No skin type or ethnic group is exempt from skin problems or conditions. If not treated early, skin conditions can become permanent and more severe. Here are some conditions most common with black skin and how to treat them:
ASHY SKIN: “Ashy” is one term no one wants to be addressed by no matter their skin color. However, black skin and people of African descent are more prone to suffer from this skin condition. When black skin is dry, chalky, or when dead skin cells come up to the surface; it can be noticed easily. You can eliminate dry skin by exfoliating often, and using products that will hydrate the skin. Also you might want to start a regular skin care regimen to help with this condition if you suffer from this condition.
POST- INFLAMMATORY HYPERPIGMENTATION: Hyperpigmentation is the overproduction of pigment, and hypopigmentation is the lack of pigmentation. But when it comes to Post-Inflammatory Hyperpigmentation this is when the skin is scarred from a cut, burn or lesion from acne or eczema. This is one condition why people with ethnic skin start to bleach to lighten the scarring/dark spot. However, if the treatment is started early there is no need to bleach. Using sunscreen daily can help eliminate these dark spots.
ACNE: Acne doesn’t discriminate. It doesn’t care how old you are, your skin type or ethnicity. However, according to acne.org, acne is prevalent in black adolescents and adult of African descent, and the reason for most dermatologist or esthetician visits.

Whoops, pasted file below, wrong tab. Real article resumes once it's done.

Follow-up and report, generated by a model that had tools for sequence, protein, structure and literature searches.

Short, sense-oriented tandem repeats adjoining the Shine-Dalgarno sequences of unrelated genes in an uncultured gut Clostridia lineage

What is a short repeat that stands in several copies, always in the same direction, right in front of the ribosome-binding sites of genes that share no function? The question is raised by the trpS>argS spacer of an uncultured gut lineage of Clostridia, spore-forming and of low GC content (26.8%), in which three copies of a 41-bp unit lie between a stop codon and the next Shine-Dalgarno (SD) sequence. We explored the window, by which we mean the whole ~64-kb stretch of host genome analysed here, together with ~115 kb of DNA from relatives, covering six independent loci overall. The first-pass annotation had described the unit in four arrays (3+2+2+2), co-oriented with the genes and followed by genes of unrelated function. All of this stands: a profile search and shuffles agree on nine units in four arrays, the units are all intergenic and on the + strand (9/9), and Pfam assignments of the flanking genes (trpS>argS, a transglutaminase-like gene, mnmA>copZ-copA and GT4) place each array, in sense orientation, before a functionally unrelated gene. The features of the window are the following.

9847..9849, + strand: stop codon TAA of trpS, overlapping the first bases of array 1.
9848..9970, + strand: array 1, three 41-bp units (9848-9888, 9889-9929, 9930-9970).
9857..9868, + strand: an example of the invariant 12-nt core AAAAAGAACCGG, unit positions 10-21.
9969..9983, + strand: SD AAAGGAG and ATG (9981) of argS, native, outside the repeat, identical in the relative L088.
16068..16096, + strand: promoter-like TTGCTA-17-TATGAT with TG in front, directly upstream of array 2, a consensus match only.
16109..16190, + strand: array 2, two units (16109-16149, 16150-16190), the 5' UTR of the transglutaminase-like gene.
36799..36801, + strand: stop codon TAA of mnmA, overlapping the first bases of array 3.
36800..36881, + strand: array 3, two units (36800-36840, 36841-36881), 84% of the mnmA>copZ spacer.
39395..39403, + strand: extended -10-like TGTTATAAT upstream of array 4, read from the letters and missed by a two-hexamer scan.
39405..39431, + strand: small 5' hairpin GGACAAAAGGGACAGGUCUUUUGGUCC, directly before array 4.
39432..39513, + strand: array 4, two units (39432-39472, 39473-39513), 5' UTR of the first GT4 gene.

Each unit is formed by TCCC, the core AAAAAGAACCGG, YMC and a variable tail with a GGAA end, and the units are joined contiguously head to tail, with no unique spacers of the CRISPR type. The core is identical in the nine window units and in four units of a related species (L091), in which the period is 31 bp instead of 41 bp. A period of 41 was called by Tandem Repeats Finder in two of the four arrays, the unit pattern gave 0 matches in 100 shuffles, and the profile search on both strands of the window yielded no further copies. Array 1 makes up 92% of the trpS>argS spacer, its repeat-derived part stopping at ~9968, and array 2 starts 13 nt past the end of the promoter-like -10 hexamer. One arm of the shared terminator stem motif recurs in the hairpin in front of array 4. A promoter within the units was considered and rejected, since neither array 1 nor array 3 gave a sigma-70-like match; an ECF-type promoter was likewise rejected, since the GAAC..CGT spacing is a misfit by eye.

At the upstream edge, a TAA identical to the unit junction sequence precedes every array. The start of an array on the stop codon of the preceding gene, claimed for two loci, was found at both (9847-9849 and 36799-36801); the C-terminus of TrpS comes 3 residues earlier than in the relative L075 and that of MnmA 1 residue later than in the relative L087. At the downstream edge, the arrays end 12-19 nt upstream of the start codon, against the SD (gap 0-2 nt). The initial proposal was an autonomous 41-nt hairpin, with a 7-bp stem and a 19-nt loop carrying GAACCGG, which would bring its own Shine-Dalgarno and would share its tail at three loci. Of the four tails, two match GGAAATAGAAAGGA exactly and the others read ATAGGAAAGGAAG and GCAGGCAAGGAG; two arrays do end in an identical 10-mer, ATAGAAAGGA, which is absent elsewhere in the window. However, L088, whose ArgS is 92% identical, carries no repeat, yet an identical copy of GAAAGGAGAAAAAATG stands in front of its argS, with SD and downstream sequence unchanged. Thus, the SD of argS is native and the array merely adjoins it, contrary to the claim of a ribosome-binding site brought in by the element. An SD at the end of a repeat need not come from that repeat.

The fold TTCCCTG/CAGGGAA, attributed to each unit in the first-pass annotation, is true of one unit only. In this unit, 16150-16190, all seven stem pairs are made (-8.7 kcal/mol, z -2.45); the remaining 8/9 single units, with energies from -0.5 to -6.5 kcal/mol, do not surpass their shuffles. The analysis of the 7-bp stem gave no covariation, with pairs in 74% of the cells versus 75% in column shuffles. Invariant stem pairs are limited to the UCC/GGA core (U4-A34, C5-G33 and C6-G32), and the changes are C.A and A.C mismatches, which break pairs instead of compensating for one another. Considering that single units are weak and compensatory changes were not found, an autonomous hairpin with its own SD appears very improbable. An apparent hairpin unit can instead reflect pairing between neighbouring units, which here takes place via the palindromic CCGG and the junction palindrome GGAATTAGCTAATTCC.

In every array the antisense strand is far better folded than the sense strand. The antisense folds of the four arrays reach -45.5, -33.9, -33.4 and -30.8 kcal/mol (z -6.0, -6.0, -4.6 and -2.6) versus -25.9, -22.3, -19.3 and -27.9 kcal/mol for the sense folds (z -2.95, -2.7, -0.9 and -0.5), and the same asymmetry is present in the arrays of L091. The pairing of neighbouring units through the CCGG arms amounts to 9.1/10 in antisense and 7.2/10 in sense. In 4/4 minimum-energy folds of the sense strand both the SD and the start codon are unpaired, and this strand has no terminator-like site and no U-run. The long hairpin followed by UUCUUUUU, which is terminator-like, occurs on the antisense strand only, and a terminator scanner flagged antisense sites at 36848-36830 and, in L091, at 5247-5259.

Most black people tend to have inflammatory acne, which is the most common type of acne. There are several ways to treat acne, from medications as strong as Accutane to topicals such as Benzoyl Peroxide & Salicylic Acid.
VITILIGO (Vih-til-EYE-goh): A pigmentation disease characterized by white irregular patches of skin that are totally lacking pigment. The condition can worsen with time and sunlight.
The disease can occur at any age and is believed to be an autoimmune disorder causing an absence of melanocytes. Vitiligo usually appears on the face, hands, or chest, but can also appear on any parts of the body. *see a dermatologist if you suffer from this condition*
Folliculitis (Fah-lik-yuh-LY-tis): This is a common problem for black men because the shape of the hair shaft is curved not straight hence the problem with ingrown hair, causing bacterial infection.
PSEUDOFOLLICULITIS(SOO-doe-fah-lik-yuh-LY-tis), also known as razor bumps, resembles folliculitis without the pus or infection.
KELOIDS (KEE-loyd): A thick scar resulting from excessive growth of fibrous tissue (collagen). People of African descent are predisposed to Keloids, usually following an injury. It occurs on the earlobes, chest, back, arms, and can be itchy and painful. Treatments for Keloids include, radiation therapy, silicone gel, cortisone injection, or removed traditionally through laser or surgery. Unfortunately, keloids can re-occur after treatment.
MELASMA (Muh-LAZ-muh): This is also known as “pregnancy mask.” Melasma is a condition where brown pigmentation appears on the face during pregnancy. It usually fades with time, but is worsened by sun exposure.
So be sure to use your sunscreen religiously if you have pregnancy mask. Other natural products to treat this are are, black soap, tea tree oil, shea butter, and green tea cream.
PITYRIASIS ALBA: Mostly affects black children and appear on the face and arms causing scaly patches. It can easily be cured with steroid creams. *see dermatologist*
ECZEMA (EG-zuh-muh): According to the Milady Standard Fundamentals of Esthetics, Eczema is an Inflammatory, painful, itching disease of the skin; acute or chronic in nature, with dry or moist lesions. This should be referred to a physician. Seborrheic dermatitis is a common form of eczema as well as a sebaceous gland disorder; characterized by scaling around the nose, ears, scalp, eyebrows, and mid-chest areas. Flaking mainly affects oilier areas.
We’ll like to hear from you. What are some skin conditions you deal with?
Milady Standard Fundamentals of Esthetics, 11th Edition